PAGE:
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Here's What To Make Of Albemarle's (NYSE:ALB) Decelerating Rates Of Return

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If you're looking for a multi-bagger, there's a few things to keep an eye out for. Firstly, we'd want to identify a growing return on capital employed (ROCE) and then alongside that, an ever-increasing base of capital employed. Basically this means that a company has profitable initiatives that it can continue to reinvest in, which is a trait of a compounding machine. However, after investigating Albemarle (NYSE:ALB), we don't think it's current trends fit the mold of a multi-bagger.

Understanding Return On Capital Employed (ROCE)

For those who don't know, ROCE is a measure of a company's yearly pre-tax profit (its return), relative to the capital employed in the business. The formula for this calculation on Albemarle is:

Return on Capital Employed = Earnings Before Interest and Tax (EBIT) ÷ (Total Assets - Current Liabilities)

0.073 = US$681m ÷ (US$11b - US$2.1b) (Based on the trailing twelve months to March 2022).

So, Albemarle has an ROCE of 7.3%. Ultimately, that's a low return and it under-performs the Chemicals industry average of 12%.

View our latest analysis for Albemarle

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In the above chart we have measured Albemarle's prior ROCE against its prior performance, but the future is arguably more important. If you'd like to see what analysts are forecasting going forward, you should check out our free report for Albemarle.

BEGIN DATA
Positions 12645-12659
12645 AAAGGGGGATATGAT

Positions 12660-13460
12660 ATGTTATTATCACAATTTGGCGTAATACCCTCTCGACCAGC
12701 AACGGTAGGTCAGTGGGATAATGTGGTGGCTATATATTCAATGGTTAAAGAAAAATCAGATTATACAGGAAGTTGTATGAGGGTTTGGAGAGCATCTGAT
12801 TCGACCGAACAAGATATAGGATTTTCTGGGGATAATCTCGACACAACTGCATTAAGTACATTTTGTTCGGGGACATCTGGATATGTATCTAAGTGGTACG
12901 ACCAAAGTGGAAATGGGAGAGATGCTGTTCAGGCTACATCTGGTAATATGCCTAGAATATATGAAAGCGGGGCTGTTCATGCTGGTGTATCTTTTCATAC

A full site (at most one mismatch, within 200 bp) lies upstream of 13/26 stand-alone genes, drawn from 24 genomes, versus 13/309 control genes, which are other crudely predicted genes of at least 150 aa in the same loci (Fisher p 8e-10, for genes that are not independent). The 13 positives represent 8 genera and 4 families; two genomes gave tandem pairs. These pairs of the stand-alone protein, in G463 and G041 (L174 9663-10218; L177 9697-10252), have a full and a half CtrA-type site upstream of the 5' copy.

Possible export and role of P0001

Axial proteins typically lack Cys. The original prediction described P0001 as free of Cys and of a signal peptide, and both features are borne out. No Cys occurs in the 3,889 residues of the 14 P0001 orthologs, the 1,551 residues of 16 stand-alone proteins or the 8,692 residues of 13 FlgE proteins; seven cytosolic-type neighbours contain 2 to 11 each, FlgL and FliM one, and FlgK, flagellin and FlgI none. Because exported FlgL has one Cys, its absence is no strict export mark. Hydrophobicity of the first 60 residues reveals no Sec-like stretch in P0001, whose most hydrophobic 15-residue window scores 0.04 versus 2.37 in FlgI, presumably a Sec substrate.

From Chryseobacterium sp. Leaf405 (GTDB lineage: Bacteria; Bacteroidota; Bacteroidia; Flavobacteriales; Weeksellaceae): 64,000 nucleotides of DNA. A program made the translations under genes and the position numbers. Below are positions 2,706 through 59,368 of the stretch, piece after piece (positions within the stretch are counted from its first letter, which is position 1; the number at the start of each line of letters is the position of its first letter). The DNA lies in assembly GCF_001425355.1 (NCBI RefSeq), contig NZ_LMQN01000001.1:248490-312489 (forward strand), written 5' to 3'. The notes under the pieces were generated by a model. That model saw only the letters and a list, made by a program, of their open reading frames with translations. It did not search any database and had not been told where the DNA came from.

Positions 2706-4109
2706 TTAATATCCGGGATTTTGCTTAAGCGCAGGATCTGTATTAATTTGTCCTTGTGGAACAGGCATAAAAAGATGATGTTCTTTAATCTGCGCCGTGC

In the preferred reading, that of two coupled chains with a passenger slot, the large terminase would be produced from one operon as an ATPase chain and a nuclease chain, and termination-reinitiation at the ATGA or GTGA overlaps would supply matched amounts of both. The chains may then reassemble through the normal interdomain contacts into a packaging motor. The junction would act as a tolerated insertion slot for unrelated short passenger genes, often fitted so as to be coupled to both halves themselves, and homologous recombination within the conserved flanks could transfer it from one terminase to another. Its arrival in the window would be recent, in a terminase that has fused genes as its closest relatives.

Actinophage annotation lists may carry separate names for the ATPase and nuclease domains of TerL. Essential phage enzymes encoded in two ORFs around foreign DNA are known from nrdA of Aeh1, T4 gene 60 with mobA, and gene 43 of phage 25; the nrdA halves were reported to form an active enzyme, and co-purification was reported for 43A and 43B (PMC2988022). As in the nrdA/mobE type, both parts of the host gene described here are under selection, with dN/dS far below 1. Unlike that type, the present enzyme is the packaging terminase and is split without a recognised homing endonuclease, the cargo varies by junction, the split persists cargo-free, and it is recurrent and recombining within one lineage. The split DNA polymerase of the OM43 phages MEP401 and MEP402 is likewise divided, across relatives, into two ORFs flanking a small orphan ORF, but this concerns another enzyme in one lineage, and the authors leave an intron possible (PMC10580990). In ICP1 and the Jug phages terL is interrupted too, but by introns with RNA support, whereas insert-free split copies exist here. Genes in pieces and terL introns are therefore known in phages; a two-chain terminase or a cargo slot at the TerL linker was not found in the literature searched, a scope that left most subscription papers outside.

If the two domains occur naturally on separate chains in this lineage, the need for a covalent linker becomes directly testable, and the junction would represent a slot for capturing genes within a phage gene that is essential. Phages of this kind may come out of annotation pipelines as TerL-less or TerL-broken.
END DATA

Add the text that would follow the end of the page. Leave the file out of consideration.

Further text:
So How Is Albemarle's ROCE Trending?

The returns on capital haven't changed much for Albemarle in recent years. Over the past five years, ROCE has remained relatively flat at around 7.3% and the business has deployed 51% more capital into its operations. This poor ROCE doesn't inspire confidence right now, and with the increase in capital employed, it's evident that the business isn't deploying the funds into high return investments.

The Bottom Line On Albemarle's ROCE

As we've seen above, Albemarle's returns on capital haven't increased but it is reinvesting in the business. Since the stock has gained an impressive 97% over the last five years, investors must think there's better things to come. But if the trajectory of these underlying trends continue, we think the likelihood of it being a multi-bagger from here isn't high.

One more thing to note, we've identified 3 warning signs with Albemarle and understanding these should be part of your investment process.

While Albemarle isn't earning the highest return, check out this free list of companies that are earning high returns on equity with solid balance sheets.

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This article by Simply Wall St is general in nature. We provide commentary based on historical data and analyst forecasts only using an unbiased methodology and our articles are not intended to be financial advice. It does not constitute a recommendation to buy or sell any stock, and does not take account of your objectives, or your financial situation. We aim to bring you long-term focused analysis driven by fundamental data. Note that our analysis may not factor in the latest price-sensitive company announcements or qualitative material. Simply Wall St has no position in any stocks mentioned.